Have we given up on our Afghan policy (after it failed to deliver what we planned to achieve?) The address by former Prime Minister Gilani at the 6th convocation ceremony of National Defence University (NDU) is important not only for its contents but for the choice of the venue where it is delivered.

Most beneficiaries of the NDU will be handling high-profile appointments at least to regulate and run the military strategy drawn from the ‘Renewed Afghan Policy’. At the core of the renewed Afghan Policy are three important factors spelled out by the prime minister in his speech. They are: “Solution to Afghanistan will come from within Afghanistan. Kabul is the most important capital for us in the world, and a peaceful, stable and sovereign Afghanistan is an absolute necessity for Pakistan.” What had been our Afghan policy goals in the past? We always sought a quiet and peaceful Afghan frontier; not a 1,500-mile-long border that drew in more troops, resources, effort and attention. Did we have a friendly border that allowed us to concentrate all our resources and efforts against the border with India? Or did we have a border that ate on ‘our strategic reserves’ of eastern front?

The core element of our Afghan policy had been to avoid ‘war on two fronts’ or ‘encirclement by the Indians’. Did we achieve this? And most importantly are we likely to achieve this in future? Across the border on the Afghan side the world led by Americans is planning an orderly retreat and a respectable exit. The Afghanistan that they will leave behind will have 250,000 trained Afghan army, 20,000 US troops (battle enablers) and 2,000 Nato trainers. Besides this, the US will provide the Afghan army close air support, logistical backup and air surveillance.

The world will not abandon Afghanistan and will provide annually $3.6 billion for supporting Afghan National security Force. Afghanistan may not have an active/operational air force but it surely will have trained army mandated and trained to guard and defend its frontiers. Our military is today split trying to match threats that exist on both fronts. On the Afghan border the threat is not only from within but also from without. Will this threat diminish after the Americans leave in 2014? Most likely not. Will the world witness November 1995-like Taliban’s self-styled blitzkrieg when hundreds of Toyota Helix with Taliban’s mounted on top advanced like German Panzer Division towards Kabul.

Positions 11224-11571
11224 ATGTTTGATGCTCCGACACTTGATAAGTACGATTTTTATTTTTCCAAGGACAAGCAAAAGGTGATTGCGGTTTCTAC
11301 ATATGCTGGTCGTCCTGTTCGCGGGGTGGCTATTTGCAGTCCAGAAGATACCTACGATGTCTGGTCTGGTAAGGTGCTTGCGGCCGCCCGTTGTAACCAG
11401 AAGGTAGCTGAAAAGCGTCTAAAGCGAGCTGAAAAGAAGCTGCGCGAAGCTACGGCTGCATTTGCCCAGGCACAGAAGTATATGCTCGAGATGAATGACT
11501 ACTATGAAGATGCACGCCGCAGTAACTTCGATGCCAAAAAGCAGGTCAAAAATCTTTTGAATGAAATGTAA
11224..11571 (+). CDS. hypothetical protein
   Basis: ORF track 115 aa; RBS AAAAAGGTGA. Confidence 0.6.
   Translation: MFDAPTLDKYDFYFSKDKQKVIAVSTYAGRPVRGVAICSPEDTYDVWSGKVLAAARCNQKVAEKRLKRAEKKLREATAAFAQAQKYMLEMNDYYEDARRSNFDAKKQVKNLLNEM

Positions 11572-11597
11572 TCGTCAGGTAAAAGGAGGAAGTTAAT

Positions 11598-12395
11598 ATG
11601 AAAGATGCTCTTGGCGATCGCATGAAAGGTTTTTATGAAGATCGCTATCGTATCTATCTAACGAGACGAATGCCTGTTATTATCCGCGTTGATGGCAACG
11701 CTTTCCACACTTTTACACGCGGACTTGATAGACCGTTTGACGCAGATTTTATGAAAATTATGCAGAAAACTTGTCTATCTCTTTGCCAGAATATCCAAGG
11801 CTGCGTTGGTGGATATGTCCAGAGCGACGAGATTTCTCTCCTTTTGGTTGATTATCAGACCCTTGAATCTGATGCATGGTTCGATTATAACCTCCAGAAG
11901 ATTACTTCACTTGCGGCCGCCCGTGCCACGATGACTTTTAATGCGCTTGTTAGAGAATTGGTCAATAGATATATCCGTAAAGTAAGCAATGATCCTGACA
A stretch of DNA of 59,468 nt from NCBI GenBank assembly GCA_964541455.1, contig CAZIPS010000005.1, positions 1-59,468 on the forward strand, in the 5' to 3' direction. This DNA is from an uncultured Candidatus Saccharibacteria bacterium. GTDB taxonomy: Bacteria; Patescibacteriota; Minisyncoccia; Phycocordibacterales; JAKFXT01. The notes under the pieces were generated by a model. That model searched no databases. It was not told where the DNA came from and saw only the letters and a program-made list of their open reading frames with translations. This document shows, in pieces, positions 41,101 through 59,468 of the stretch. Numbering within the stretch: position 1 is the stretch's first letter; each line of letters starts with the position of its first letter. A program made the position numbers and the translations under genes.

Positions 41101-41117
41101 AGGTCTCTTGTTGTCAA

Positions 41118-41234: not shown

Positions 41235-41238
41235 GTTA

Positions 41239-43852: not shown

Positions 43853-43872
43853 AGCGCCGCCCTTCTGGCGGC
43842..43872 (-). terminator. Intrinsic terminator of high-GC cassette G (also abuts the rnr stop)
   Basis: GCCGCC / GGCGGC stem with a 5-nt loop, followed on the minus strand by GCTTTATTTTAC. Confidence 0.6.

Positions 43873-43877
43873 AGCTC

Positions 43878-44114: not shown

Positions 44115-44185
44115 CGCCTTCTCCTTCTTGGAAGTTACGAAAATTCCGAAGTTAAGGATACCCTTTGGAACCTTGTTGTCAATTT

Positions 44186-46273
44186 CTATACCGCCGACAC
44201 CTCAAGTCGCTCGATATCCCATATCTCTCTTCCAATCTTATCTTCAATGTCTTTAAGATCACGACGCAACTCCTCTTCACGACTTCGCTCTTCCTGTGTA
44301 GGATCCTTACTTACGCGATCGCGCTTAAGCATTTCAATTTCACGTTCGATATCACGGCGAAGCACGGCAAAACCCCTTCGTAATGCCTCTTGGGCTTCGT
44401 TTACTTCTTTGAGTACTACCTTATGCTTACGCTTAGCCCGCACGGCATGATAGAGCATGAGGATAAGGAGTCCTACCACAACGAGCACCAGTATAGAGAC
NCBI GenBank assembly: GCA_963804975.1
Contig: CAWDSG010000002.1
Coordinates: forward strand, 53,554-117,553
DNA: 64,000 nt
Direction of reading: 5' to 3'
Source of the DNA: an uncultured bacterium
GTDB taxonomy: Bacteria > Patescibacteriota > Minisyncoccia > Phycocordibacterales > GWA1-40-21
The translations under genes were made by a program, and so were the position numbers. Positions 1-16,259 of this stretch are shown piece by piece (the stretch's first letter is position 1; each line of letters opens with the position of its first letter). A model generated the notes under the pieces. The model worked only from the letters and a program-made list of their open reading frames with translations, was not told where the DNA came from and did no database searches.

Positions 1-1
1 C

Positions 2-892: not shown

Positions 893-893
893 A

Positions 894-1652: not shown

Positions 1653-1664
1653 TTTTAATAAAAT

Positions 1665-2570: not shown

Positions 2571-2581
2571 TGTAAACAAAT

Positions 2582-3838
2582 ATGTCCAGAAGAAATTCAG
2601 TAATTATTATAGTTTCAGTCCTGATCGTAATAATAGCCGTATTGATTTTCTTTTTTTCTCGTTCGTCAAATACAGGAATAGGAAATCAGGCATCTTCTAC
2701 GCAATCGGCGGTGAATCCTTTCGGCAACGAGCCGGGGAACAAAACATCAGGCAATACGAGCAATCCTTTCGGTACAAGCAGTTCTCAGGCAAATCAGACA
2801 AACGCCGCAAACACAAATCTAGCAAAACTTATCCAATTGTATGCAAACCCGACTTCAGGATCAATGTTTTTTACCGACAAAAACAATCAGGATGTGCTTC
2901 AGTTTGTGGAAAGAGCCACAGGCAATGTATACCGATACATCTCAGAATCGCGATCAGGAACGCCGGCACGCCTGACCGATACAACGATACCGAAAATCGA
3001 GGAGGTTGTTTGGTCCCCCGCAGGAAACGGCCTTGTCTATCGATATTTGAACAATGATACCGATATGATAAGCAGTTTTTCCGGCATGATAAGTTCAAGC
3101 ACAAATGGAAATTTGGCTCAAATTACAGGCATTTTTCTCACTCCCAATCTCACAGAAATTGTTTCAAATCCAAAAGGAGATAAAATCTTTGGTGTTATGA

Not now, not after US predators, drones are regularly patrolling AfPak skies. Cyber warfare together with satellite and drones has technically altered the balance in favour of those who rule the skies. The US is spending more money training the ‘drone controllers’ than training conventional aircraft pilots. This is bad news for the Taliban. But the good news for Taliban sympathisers (and it is hoped our government is not amongst them) is that madressahs will continue to churn out Taliban in the hundreds so there never will be dearth of ‘paradise seekers’ drawing attention of US drones. Pakistan will have to help Afghanistan achieve peace and stability and for that our army should be looking at further and increased military engagement/involvement on the western frontier.

The future of the Taliban and their likely resurgence looks bleak. PM Gilani has done well to spell out the core foundations of Pakistan’s Afghan policy. Will his government and subsequent governments be able to execute this policy through the army and intelligence agencies? Only time will tell.


Karachi, June 19.